A whopping 71% of the Earth is covered in water. The Underwater Photography Competition is held in dedication to celebrate this 71% of Earth’s natural splendor. Be its oceans, lakes, rivers, or any other water bodies, this competition celebrates everything underwater, and its winners for the year 2021 were announced recently.
The competition took place under 14 photographic categories. The competition selects first, second, and third places and a number of honorable mentions under each category. Check out 20 of the most mesmerizing shots below and let us know your thoughts in the comments.
#1 ‘Sharks’ Skylight’ By Renee Capozzola (USA), ‘Wide Angle’ Category – First Place
#2 ‘Milk Feeding’ By Mike Korostelev (Russian Federation), ‘Behaviour’ Category – Third Place
#3 ‘Pontohi Pigmy Seahorse’ By Galice Hoarau (Norway), ‘Macro’ Category – First Place
#4 ‘Larval Lionfish’ By Steven Kovacs (USA), ‘Macro’ Category – Second Place
#5 ‘The Great Migration’ By Mark Kirkland (UK), ‘British Waters Wide Angle’ Category – Second Place
SJ Alice Bennett, a Mexico-based designer, photographer, and diver from the United Kingdom, submitted her entry titled ‘Trying In’, a wonderful view of the Cenote Mayan Blue Cave. She states that while she had intricate plans to run her shoot, it failed miserably due to some equipment failures. In her winning photo description, she explains that while plans are important, it’s equally important to adapt quickly and deal with new and unexpected situations if the plans fail.
Bennett’s entry won the first in the ‘Up & Coming’ category. Not only that, but she also won the title of ‘Most Promising British Underwater Photographer”.
#6 ‘Sunrise Mute Swan Feeding Underwater’ By Ian Wade (UK), ‘British Waters Compacts’ Category – First Place
#7 ‘Nest Buddies’ By Dan Bolt (UK), ‘British Waters Macro’ Category – Third Place
#8 ‘Grey Seal Gully’ By Kirsty Andrews (UK), ‘British Waters Wide Angle’ Category – Third Place
#9 ‘While You Sleep’ By Mark Kirkland (UK), ‘British Waters Wide Angle’ Category – First Place
#10 ‘Keeper Of The Seven Keys’ By Ryohei Ito (Japan), ‘Portraits’ Category – First Place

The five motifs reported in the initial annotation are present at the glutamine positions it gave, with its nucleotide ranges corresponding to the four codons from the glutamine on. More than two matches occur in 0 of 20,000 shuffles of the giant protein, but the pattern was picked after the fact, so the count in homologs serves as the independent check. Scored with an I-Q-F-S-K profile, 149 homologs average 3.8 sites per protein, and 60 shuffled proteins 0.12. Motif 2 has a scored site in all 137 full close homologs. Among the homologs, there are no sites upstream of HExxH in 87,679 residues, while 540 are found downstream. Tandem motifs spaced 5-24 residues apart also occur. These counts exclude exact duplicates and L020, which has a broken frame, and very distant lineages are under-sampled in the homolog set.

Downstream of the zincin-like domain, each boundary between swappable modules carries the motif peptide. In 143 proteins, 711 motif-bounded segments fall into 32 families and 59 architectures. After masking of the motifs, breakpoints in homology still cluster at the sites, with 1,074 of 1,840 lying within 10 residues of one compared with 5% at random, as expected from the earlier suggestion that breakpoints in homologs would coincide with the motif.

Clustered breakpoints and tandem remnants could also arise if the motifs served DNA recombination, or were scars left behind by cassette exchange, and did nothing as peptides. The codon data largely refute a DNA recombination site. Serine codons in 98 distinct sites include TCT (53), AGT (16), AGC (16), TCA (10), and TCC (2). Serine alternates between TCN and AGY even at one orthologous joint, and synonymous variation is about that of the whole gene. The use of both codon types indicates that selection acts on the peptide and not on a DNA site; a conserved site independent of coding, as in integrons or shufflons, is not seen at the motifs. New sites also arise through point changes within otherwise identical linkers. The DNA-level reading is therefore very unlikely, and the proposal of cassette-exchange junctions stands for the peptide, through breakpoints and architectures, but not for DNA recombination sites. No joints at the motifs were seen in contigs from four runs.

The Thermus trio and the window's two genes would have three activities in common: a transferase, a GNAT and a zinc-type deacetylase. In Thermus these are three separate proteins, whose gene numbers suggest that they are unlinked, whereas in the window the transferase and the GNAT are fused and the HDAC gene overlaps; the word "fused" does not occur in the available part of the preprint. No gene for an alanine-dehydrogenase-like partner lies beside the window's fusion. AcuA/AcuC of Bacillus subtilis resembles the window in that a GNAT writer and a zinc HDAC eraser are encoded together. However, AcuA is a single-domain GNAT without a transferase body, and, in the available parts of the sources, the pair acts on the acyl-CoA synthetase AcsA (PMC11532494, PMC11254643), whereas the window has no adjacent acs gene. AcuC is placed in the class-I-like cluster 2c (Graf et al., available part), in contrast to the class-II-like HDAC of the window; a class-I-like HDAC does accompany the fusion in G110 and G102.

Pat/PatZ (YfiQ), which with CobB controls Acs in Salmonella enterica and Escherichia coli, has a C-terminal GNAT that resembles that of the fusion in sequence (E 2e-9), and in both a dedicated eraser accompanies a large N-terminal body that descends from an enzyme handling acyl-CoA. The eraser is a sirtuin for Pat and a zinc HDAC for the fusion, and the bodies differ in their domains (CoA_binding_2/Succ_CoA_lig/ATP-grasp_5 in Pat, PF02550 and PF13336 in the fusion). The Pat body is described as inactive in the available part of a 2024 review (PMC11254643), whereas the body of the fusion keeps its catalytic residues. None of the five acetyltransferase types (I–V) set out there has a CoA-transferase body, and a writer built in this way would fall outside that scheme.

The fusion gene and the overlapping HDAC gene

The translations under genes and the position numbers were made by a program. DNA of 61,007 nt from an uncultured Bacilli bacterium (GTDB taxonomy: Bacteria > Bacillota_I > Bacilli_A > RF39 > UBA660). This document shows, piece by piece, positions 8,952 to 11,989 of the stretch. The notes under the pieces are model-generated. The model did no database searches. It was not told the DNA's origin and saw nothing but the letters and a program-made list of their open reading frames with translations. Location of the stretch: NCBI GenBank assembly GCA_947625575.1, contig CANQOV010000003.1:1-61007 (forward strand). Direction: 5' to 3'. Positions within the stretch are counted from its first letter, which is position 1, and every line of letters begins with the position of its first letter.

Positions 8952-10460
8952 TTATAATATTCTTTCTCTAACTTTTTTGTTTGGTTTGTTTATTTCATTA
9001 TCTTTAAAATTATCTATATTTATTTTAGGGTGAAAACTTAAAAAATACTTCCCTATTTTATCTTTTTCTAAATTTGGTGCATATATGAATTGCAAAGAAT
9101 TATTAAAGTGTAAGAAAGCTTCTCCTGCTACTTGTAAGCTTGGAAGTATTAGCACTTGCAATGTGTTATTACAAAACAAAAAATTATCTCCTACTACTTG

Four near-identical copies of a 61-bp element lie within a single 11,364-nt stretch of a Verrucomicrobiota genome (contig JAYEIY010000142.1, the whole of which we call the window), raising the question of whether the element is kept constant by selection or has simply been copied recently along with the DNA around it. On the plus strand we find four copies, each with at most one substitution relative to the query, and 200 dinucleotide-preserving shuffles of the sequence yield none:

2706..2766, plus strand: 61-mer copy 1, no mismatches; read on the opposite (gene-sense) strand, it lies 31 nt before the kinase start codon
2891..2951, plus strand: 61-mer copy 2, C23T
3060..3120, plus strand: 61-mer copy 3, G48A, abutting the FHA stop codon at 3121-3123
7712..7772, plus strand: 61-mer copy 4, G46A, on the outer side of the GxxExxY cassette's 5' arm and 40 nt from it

For her masterpiece titled ‘Sharks’ Twilight’, Renee Capozzola won first place in the ‘Wide Angle’ category. She was also the overall winner of the contest. In the incredible photo, two sharks are swimming in French Polynesia, with a perfectly-timed appearance by some seagulls.
When asked about what she felt when swimming with sharks, Renee Capozzola gave a very surprising answer. Contrary to the widespread belief that sharks are dangerous, Renee thinks that sharks are shy. She states that in her 17 years of diver photography, she has never felt threatened by a shark. Through shark photography, Renee hopes to raise awareness of the added legal protections that sharks across the world need.
#11 ‘Face To Face’ By Jinggong Zhang (China), ‘Behaviour’ Category – Second Place
#12 ‘Gothic Chamber’ By Martin Broen (US), ‘Wide Angle’ Category – Second Place
By now, it must be clear to you that underwater photography is no easy task. In fact, it’s much more than having the right equipment and proper photographic knowledge. Being able to successfully adapt to the new visual environment is very important in underwater photography.
Bennett states that one of the major challenges of underwater photography is managing the lighting. Since there’s no light underwater, all the light needed to see underwater should be supplied artificially. According to Capozzola, the biggest challenge about underwater photography is diving with a limited air supply. Managing buoyancy, swimming in currents, and reading animal behavior while diving with a limited supply of air is indeed challenging.